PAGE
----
The adornments

The illustrations of the Torriani Book of Hours, which are all intact, consist in thirty illuminations. Twelve are Calendar illustrations. A cycle of eighteen illustrations including scenes taken from the life of Christ presents the Uffici, or Offices. We find twelve illuminated initials and six full-page illuminations recounting the Nativity, David and Goliath, the Flagellation, the Crucifixion, the Resurrection of Christ, and the Burial of Christ.
We note considerable differences in the artistic resources at play in, on the one hand, many of the illuminated initials (in which a sense of preciousness and intricacy prevails) and, on the other, the more markedly dramatic full-page illuminations.

The script

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Script and adornments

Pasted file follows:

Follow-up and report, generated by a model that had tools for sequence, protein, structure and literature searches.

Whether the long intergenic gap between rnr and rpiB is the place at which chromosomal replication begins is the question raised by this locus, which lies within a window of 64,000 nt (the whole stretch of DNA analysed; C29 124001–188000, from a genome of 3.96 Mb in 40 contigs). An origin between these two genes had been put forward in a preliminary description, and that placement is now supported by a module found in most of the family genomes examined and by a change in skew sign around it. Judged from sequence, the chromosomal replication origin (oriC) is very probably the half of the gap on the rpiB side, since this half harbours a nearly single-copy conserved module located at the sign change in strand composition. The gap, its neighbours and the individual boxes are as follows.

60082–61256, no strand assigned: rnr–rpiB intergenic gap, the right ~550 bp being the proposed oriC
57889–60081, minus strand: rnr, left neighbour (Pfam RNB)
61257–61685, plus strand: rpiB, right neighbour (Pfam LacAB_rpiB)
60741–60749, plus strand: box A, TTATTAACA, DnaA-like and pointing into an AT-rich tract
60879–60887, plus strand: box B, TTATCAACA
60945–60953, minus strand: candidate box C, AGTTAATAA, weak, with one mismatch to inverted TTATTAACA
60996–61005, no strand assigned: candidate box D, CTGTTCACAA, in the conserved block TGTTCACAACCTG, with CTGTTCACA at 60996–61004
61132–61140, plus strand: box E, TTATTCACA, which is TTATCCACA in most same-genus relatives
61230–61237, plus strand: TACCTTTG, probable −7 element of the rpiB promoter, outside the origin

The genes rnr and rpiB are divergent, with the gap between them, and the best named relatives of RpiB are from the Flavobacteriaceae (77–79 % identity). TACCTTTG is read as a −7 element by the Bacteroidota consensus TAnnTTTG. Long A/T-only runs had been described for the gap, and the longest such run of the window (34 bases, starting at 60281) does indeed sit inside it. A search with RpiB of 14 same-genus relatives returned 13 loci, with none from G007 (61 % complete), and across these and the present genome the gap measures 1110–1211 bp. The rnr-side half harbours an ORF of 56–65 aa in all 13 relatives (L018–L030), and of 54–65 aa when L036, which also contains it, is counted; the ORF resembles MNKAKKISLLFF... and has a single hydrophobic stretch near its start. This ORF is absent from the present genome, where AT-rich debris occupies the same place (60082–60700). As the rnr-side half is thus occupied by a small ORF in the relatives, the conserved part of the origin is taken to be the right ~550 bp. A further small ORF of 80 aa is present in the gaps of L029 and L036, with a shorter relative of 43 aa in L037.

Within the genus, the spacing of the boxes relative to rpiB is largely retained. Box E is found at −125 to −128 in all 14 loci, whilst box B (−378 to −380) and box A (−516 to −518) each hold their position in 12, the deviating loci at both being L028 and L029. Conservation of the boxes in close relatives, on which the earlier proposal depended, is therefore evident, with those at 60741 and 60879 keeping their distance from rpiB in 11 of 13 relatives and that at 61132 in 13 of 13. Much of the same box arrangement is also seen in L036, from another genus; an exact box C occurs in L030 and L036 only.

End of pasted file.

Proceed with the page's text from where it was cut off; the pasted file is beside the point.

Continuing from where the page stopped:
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Scene with animals (detail)


The codex’s script consists in Gothic characters. This was the type of script adopted by the copyists and scribes of Northern France in the late eleventh and early twelfth centuries. The script was adopted as a means of reducing the size of the Caroline miniscule, then in use, to provide a form that would enable savings in the parchment used (which was extremely expensive). 
Considering the visual impact of such works, the script conveys the impression of a ‘woven’ fabric. Hence, for many of these characters, the term, Textura, was used. In twelfth- and thirteenth-century Italy, however, these characters were more rounded and more generously proportioned, this script being known as Gothic Rotunda. Gothic Rotunda was in use until the sixteenth century both in statutory writings and votive codices, such as the Torriani Book of Hours.

Pagina con capolettera figurato
Pagina con capolettera figurato


Scena con Flagellazione, particolare
Scena con Flagellazione, particolare